Haida Gwaii, the
former Queen Charlotte Islands, comprises some of the most beautiful
and diverse landscapes in the world. There are two large parks in
Haida Gwaii: Naikoon Provincial Park in the north, and Gwaii
Haanas National Park in the south, which is comprised of 138 separate
islands, including the southern half of Moresby Island. Naikoon Provincial
Park gets its name from a corruption of the Haida term for 'long nose,'
which was the Haida name for Rose Spit, one of the most prominent
features in the park.
Hill in Naikoon Provincial Park
Park is largely low and flat, covering 72,640 hectares. Most of
its topographic features are formed by underlying glacial deposits.
In the northeast corner, Argonaut Hill, the highest point
in the park, rises only 150 metres above sea level. Tow Hill,
an outcrop of basalt columns, is a prominent landmark about 100
metres high on the north beach. A primary attraction for visitors
to the park are the almost 100 kilometres of sandy beaches that
seem to stretch endlessly to form the eastern and northern boundaries
of this unique and intriguing park.
for Naikoon Provincial Park are located at the southeast extremity
of the park at the community of Tlell, on the highway just south
of the bridge over the Tlell River. The village of Masset provides
the gateway into the park, with road access along Tow Hill Road
to the north coast of the park.
There are two
ecological reserves in Naikoon Park: Tow Hill Ecological Reserve
(5.14 square kilometres) and Rose Spit Ecological Reserve,
a common resting spot for migrating birds at the northeast tip of
Graham Island. Rose Spit is an excellent spot for observing migrating
birds travelling south on the Pacific Flyway. Upwelling currents
produce much food along the spit, attracting pelagic species rarely
seen from the shore. Sandhill cranes gather here after nesting in
the park bogs and shorebirds abound.
landmark on North Beach, at 109 metres (357 ft) in height, is Tow
Hill, a huge outcrop of basalt columns formed when volcanic
rock solidified into faceted basalt pillars about 2 million years
ago. Tow Hill rises from the flat bogs of the Argonaut Plain at
the mouth of the Hiellen River as the second highest point in the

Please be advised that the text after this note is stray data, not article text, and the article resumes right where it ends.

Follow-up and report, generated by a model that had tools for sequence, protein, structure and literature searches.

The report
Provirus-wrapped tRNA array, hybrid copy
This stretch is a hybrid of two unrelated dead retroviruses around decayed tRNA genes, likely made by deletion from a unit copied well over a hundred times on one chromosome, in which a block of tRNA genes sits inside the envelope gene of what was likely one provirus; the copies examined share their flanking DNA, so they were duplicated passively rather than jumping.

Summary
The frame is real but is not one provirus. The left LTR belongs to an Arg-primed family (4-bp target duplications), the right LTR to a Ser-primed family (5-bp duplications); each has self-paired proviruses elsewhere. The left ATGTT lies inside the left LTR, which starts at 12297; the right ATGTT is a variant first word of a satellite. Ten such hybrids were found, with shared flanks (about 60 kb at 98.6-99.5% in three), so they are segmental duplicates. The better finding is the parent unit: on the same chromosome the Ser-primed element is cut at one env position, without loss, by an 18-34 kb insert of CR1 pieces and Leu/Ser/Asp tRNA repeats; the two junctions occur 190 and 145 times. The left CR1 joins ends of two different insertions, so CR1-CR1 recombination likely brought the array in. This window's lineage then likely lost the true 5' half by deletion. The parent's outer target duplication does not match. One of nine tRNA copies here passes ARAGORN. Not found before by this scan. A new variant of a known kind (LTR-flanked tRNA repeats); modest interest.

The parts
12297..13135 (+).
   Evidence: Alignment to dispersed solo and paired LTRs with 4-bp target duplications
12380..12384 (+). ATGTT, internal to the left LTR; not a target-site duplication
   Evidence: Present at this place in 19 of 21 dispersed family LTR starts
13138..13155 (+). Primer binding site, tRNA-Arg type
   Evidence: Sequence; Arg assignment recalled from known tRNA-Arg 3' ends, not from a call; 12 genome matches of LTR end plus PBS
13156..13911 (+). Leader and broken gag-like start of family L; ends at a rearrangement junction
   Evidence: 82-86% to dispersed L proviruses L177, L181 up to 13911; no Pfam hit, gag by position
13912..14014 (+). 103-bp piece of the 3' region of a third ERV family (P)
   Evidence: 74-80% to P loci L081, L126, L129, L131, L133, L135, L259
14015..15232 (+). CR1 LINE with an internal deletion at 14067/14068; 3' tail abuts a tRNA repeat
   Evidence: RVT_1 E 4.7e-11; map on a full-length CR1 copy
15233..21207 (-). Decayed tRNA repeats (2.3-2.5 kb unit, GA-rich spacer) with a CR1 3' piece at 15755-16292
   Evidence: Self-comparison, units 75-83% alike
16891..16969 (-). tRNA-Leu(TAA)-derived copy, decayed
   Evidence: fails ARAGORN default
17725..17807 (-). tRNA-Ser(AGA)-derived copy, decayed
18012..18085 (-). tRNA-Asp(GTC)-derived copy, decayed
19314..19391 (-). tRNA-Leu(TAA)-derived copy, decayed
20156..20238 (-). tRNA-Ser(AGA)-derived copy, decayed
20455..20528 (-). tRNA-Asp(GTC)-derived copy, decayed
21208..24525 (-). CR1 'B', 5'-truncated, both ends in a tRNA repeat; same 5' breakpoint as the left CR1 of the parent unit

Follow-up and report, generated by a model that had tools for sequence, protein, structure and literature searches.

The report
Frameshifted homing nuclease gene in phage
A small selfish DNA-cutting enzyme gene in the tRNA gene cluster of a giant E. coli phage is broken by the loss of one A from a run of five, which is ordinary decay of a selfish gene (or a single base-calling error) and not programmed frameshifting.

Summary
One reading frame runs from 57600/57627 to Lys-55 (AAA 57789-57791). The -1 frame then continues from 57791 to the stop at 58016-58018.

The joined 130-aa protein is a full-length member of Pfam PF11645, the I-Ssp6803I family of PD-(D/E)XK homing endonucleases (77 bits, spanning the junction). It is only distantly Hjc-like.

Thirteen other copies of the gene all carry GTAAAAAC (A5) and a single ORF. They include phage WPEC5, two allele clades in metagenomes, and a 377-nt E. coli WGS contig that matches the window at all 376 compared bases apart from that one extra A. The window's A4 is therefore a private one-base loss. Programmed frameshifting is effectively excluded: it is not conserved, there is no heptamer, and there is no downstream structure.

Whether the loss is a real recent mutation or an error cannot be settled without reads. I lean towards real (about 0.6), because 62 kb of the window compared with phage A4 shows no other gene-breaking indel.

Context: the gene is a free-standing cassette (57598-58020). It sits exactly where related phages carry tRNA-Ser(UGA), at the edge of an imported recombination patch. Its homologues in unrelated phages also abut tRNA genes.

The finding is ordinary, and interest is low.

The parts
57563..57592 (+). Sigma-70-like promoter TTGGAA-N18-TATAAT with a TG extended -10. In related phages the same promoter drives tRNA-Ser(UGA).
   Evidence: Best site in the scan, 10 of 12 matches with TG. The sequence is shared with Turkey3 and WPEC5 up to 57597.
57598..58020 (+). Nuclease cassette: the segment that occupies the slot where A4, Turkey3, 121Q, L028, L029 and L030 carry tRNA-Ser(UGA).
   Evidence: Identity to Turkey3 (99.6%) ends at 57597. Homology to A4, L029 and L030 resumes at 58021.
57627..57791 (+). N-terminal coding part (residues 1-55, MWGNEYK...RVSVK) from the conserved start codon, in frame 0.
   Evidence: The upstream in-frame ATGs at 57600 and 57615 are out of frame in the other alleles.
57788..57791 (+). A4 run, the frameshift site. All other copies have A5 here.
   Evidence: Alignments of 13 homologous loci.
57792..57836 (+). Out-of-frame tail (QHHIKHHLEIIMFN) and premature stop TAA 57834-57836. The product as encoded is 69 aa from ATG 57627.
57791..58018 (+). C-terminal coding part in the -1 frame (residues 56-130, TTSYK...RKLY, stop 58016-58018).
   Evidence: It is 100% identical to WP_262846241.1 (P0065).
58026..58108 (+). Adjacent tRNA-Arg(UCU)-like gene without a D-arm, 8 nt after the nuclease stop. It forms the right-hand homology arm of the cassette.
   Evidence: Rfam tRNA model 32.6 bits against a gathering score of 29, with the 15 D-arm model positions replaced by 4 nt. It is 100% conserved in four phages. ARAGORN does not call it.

park, after Argonaut Hill (150 metres/492 ft). Enjoy the spectacular
view along the curve of sun-drenched North Beach.
It is from
Tow Hill that legend says the cruel Tow threw boulders to slay the
Haida warrior Hopi. At North Beach on the northern border of the
park, according to Haida legend, raven first brought people into
the world by coaxing them out of a clam shell, making North Beach
the site of creation.
of the park remains undeveloped, with no road access. There are
two campgrounds, available on a first-come, first-served basis (no
reservations): Misty Meadows Campground (30 vehicle/tent
sites and 10 tent pads) near park headquarters in Tlell, facilities
provided include pit toilets, water and a picnic-day use area with
shelter. Agate Beach Campground (32 vehicle and 11 tent sites),
these sites are equipped with cooking shelters, pit toilets and
water. Wilderness camping is permitted throughout the park. Three
rustic wilderness shelters are located along East Beach near
the mouths of Cape Ball and Oceanda Rivers, and at Fife Point.
The park is open all year and fees are collected from May to September.
Campground hosts are often available at the Misty Meadows campground
during the summer months to provide information and assistance to
There are four
trails running through Naikoon Provincial Park, and hiking time ranges
from a few hours to a few days. The longest trail is the East Beach
Trail. It's 55 miles (90 km) from the Tlell River Bridge to Rose
Point, a three- to four-day hike along mostly level terrain. There
are three shelters along the route. It's recommended that you hike
the trail south to north to avoid fighting prevailing winds. Strong
hikers can do the East Beach Trail from the Tlell River Bridge to